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Key insights from the 2024 Financing Energy Transition Conference

Updated: Jun 27

Investors outlook 2024 and beyond

We recently attended the 2024 Financing Energy Transition summit hosted by Tamarindo in London. The event had numerous informative discussions and panels though out and was attended by leading UK Funds/Owners/Developers. Here are our key takeaways from the conference:

1. Keep an eye on India

There are significant opportunities in India, who not only have an ambitious plan to deliver 500GW by 2030, but in contrast with other countries, are backing it up with: 

a) Enormous investment in transmission infrastructure. 

b) Hybrid PPAs offered by the TSO and DSO (one example included wind, solar and battery).

2. Let China In

Echoing the sentiments at previous conferences, there was a call for western governments to allow Chinese turbine suppliers to play a greater role in the western energy transition. Every other region has a shortage of components, whereas China has an oversupply. We need this oversupply, because even though we delivered a record 160GW of new capacity worldwide in 2023, this needs to triple to reach our 2030 targets

This is also highly relevant for Battery Energy Storage System (BESS) development. While Australia is a major source of Lithium for battery projects, 90% of this is refined in China, which then provides 60% of the world’s supply. Any trade sanctions with China would significantly impact the roll-out of battery technology (which is expected to grow from a $3bn industry currently to being a $50bn industry by 2032).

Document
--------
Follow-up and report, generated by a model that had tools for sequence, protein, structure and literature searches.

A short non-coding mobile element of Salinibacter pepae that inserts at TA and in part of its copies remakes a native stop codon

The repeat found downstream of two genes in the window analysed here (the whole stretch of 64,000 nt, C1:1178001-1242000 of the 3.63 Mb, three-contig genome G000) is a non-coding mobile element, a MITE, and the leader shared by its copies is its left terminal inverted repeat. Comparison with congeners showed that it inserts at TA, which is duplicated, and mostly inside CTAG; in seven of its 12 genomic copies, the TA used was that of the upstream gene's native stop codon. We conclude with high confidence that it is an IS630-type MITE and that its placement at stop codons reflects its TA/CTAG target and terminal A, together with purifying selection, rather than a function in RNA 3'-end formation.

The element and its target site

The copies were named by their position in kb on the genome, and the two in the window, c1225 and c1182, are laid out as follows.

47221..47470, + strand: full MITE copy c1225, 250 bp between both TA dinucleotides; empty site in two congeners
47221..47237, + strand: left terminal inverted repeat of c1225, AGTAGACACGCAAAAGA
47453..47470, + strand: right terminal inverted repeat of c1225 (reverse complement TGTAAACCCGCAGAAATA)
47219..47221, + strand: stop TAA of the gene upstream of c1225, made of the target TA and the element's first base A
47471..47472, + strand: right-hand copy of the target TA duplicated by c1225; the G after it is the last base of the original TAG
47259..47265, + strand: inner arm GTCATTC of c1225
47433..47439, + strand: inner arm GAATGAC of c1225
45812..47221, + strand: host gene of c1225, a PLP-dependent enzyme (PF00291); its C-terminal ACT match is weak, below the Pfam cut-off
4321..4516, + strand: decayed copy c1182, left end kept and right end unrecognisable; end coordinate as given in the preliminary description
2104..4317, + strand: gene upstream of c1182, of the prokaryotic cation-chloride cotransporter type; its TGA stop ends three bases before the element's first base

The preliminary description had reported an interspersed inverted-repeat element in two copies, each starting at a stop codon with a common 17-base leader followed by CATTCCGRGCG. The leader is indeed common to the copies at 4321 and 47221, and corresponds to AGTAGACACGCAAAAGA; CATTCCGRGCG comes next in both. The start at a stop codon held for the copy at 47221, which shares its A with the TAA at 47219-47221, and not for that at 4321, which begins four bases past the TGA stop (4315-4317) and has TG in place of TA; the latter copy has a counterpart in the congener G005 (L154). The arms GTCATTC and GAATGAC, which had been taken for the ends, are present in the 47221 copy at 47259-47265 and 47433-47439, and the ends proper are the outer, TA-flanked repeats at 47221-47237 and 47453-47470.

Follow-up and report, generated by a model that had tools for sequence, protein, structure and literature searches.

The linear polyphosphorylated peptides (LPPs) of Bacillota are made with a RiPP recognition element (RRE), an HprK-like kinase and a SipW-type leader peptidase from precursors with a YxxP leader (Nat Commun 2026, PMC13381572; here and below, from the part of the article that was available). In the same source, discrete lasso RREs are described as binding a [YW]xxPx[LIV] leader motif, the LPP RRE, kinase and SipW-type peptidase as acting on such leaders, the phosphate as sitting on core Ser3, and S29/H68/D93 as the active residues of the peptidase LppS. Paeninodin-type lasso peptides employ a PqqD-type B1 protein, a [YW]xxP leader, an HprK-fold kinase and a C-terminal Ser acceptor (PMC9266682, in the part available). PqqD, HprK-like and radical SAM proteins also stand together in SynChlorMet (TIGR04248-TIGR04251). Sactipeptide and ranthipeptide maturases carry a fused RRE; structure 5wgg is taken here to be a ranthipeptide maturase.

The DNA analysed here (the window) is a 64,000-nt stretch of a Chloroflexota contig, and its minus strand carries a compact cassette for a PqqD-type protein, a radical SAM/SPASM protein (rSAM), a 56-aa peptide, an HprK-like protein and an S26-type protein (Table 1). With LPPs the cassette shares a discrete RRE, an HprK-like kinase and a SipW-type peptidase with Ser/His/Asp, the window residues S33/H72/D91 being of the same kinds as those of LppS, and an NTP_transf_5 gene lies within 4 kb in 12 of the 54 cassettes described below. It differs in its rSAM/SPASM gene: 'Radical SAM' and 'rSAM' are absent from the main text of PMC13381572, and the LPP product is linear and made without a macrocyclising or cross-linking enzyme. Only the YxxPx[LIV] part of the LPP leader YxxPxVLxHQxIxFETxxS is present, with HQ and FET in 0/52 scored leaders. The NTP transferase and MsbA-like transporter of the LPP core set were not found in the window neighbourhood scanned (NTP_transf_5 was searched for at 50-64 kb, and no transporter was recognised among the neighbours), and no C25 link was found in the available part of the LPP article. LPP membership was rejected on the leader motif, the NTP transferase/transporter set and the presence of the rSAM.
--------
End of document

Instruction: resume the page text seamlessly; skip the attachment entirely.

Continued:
3. Things to think about before entering a Battery Energy Storage market

Balancing opportunity and risk in the global BESS market

Some thoughts from the panellists on how to decide whether or not to enter a BESS market: 

  1. Is there significant wind/solar development which will drive an inherent need for long term supply balancing (High volatility matters much more than high prices.) 

  2. Can batteries trade? (Not currently possible in many markets, including Ireland) 

  3. Is there some initial subsidy (e.g. capacity, ancillary services) to support the initial investment decision (acknowledging that this won’t be long term)? 

In this context, it is surprising that South Africa aren’t pushing storage more actively given the current supply balancing requirement. 

4. How to get a Green Hydrogen Project Financed

How to accelerate financing for green hydrogen projects
Panel discussing financing for green hydrogen projects
  1. Start with the client, not the resource. Industrials have the highest appetite, but perhaps not the best prices

  2. You’ll need to include storage 

  3. Biogenic CO2 is difficult to get. Locate projects near it. 

  4. Projects are easier to get over the line where there the grid is already 90% decarbonised, or where there is a high renewable resource. For example, most of the projects in the recent European Hydrogen Bank auction went to Spain, Portugal and the Nordics.

  5. Go for well-developed technology (typically technology research level (TRL) of 8 and above). Banks typically insist on PEM and Alkaline technology, but will accept a scale-up risk. 

  6. Demand OEM warranties. Many of the new technology developers will have issues. Be demanding, as the banks will be.

Congratulations to Tamarindo on hosting another excellent conference – we’re looking forward to next years’ one already! 

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